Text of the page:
The President also discussed his phone call with United States President Donald Trump echoing the concern of other leaders of the Association of Southeast Asian Nations (ASEAN) about the devastating effects of war in the Korean Peninsula.

"Sinabi ko lang na we are as concerned and I supposed that you have the persuasive power, you are showing it to him. There has to be a sense somewhere," he said of his discussion with Trump.

He said the US could not scare North Korean leader Kim Jong-un with firepower and the greatest chance of getting some dialogue between America and North Korea would be through China.

The President also clarified that the Philippines is not distancing itself from the US but there was some rift before because of differing views between him, former US President Barack Obama and the US State Department.

But things have changed, he said, adding that he is already friends with the newly elected US President. "There’s a new leadership. He wants to make friends and he says that we are friends. So why do you have to pick a fight?", the President said.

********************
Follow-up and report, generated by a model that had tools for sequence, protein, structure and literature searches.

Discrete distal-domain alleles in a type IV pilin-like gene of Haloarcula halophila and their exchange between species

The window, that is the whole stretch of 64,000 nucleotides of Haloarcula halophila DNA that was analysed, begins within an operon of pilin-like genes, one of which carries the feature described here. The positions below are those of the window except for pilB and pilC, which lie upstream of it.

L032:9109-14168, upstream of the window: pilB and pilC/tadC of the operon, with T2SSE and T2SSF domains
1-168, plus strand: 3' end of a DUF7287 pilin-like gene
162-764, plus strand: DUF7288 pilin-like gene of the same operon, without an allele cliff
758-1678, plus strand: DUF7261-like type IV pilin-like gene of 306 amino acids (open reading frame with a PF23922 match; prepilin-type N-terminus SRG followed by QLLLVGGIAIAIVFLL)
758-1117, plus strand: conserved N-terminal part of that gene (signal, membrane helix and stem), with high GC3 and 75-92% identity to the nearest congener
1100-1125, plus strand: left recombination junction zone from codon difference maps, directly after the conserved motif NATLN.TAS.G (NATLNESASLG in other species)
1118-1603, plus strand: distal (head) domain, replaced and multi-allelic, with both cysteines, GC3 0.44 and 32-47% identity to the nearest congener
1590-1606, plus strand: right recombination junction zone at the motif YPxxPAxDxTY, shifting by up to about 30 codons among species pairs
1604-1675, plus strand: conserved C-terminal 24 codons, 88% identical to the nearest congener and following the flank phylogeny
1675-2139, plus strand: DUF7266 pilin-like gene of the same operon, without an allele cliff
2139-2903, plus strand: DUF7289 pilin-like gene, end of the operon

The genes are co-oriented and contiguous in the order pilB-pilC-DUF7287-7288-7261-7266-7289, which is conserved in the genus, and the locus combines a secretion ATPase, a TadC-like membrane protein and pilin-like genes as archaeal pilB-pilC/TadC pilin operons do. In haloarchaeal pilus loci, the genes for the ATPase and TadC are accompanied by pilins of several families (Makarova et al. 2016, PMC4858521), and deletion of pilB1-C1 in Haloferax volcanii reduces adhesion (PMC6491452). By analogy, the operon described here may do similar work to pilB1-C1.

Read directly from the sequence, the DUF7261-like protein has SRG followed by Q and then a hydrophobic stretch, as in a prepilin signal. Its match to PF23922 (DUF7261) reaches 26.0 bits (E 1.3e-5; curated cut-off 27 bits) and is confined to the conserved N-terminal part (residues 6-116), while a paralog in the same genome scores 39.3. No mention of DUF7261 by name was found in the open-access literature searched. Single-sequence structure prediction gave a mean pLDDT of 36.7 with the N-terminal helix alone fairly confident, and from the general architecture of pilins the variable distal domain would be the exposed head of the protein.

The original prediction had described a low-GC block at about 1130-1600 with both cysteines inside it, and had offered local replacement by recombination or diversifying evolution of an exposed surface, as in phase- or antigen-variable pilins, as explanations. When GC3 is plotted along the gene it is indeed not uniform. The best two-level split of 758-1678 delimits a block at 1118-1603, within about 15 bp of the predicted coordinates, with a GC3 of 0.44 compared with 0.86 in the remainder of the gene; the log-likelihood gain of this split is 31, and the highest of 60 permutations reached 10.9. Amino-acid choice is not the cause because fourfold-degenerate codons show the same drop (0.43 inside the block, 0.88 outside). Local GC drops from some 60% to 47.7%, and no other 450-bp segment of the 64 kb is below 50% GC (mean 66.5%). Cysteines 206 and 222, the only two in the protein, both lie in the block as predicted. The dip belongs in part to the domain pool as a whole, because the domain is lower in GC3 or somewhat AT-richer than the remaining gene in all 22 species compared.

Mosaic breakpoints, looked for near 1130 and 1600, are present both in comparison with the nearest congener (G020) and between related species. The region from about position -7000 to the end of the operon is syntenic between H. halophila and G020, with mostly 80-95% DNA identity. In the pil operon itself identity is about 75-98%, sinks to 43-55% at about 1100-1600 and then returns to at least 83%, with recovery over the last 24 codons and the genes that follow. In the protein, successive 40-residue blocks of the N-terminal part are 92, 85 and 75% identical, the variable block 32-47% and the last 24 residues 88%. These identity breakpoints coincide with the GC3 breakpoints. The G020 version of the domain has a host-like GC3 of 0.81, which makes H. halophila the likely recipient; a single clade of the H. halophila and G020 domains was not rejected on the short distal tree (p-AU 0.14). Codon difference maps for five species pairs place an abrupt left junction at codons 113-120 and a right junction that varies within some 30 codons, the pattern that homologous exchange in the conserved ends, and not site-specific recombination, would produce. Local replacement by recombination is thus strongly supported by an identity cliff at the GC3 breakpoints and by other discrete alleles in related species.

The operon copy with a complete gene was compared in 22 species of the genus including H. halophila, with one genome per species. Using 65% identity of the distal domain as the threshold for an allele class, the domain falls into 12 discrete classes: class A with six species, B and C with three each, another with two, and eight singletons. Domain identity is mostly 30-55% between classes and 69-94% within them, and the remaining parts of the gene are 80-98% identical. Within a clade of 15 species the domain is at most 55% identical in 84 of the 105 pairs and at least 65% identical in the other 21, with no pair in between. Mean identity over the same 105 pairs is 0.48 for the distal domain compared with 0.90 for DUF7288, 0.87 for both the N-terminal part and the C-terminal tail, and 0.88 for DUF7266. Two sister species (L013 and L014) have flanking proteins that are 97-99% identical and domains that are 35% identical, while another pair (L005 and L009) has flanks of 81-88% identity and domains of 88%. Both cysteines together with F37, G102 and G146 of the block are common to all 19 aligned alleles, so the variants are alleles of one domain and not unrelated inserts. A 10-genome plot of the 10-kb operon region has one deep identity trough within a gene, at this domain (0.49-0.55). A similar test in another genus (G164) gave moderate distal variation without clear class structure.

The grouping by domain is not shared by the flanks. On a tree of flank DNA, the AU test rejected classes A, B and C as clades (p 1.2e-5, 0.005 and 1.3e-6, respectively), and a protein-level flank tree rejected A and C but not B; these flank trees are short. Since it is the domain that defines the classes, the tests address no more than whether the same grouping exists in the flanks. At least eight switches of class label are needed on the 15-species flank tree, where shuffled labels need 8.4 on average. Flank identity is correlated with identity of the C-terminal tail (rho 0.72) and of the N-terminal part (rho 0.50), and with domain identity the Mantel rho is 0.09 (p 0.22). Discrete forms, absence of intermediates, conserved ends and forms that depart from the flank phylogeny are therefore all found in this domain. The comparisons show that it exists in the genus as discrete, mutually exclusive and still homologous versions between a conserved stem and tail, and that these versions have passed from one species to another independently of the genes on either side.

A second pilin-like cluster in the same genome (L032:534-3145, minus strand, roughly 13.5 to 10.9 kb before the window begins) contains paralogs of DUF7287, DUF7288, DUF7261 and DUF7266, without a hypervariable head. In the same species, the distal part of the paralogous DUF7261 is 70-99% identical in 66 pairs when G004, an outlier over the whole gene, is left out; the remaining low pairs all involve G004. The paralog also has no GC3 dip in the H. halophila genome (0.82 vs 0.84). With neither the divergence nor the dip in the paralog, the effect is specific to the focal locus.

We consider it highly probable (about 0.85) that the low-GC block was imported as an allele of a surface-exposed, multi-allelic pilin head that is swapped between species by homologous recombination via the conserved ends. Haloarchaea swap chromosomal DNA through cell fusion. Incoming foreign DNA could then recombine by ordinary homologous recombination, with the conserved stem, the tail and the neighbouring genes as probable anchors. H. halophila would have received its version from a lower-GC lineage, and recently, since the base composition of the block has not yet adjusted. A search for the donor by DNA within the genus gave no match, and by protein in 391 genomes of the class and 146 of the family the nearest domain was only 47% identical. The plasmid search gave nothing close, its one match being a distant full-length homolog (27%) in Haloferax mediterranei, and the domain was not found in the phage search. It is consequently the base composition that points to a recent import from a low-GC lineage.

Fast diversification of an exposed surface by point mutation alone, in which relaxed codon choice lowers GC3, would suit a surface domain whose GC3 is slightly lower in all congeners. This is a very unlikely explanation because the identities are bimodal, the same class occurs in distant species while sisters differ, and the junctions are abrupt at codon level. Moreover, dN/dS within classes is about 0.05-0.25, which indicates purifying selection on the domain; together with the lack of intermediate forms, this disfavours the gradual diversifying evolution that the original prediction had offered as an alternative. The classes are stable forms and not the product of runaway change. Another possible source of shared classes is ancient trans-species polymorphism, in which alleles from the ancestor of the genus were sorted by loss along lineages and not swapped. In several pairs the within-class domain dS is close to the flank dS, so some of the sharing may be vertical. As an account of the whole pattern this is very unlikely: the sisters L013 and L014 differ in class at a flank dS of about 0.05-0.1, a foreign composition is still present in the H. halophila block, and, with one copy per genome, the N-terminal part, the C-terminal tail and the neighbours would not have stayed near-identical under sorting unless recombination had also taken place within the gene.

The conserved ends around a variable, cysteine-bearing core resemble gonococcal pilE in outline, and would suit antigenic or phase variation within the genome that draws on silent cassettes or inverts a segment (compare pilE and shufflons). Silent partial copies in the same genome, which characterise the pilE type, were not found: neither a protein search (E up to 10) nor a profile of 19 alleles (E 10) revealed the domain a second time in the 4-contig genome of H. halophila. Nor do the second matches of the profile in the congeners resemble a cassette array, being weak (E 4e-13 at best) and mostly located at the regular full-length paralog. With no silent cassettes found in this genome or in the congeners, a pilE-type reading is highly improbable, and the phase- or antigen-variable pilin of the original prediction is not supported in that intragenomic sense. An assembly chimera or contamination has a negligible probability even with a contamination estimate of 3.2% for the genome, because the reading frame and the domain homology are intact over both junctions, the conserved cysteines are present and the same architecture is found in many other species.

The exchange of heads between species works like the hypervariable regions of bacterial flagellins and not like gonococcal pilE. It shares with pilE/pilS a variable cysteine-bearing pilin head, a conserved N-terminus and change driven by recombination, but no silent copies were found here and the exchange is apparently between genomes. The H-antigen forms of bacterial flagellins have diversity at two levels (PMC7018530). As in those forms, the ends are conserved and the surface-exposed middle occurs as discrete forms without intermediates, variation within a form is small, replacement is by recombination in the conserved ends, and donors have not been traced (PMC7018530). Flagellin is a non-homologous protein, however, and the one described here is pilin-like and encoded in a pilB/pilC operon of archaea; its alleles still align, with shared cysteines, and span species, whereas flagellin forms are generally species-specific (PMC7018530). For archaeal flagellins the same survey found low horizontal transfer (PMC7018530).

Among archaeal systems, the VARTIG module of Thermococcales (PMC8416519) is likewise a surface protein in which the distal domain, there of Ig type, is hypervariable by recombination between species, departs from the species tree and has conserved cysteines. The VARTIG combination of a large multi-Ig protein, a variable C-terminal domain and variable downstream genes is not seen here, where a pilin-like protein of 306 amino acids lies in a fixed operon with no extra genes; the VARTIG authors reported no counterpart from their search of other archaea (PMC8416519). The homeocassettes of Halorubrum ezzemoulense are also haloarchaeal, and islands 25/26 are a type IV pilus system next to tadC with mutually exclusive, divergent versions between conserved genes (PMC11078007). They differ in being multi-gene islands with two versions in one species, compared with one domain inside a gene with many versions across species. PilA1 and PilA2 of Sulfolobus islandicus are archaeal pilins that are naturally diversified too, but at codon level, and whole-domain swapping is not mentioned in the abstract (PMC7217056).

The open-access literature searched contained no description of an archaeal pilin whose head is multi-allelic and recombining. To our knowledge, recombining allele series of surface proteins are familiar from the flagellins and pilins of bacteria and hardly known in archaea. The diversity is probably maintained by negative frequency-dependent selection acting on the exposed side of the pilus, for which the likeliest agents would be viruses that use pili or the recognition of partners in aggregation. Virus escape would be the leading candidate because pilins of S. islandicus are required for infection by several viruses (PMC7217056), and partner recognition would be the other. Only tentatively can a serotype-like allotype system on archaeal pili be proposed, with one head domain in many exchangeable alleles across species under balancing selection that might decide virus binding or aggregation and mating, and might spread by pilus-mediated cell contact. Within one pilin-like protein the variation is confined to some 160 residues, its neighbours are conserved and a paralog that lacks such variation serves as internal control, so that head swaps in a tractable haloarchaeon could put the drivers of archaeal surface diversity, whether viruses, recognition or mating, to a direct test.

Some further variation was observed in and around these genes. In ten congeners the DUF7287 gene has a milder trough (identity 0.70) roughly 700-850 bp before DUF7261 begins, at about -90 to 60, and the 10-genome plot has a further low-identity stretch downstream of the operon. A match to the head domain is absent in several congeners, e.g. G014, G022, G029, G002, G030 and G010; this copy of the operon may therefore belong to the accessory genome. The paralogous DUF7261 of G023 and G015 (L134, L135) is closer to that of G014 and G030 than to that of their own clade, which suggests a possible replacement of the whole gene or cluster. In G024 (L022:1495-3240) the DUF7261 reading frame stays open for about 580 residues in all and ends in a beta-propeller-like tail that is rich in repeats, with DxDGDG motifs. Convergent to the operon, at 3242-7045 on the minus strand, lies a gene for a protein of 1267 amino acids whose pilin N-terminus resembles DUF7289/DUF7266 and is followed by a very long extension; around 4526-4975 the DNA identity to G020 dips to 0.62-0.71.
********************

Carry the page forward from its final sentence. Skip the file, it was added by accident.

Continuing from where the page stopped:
US turns over EOD to PNP

From the Philippine Information Agency (May 2): US turns over EOD to PNP

United States (US) Embassy regional security officer Lon Clyde Fairchild, Jr. and Department of State's Bureau of Diplomatic Security Antiterrorism Assistance (DS/ATA) resident program manager Ronald Dizon formally turned over the post blast investigation and explosive incident countermeasure kits to Philippine National Police - Special Action Force (PNP-SAF) Explosive Ordnance Disposal Canine (EOD/K9) Group during the first Anniversary of the EOD/K9 Group held at the PNP Multi-purpose Hall, Camp Crame, Quezon City on April 24, 2017.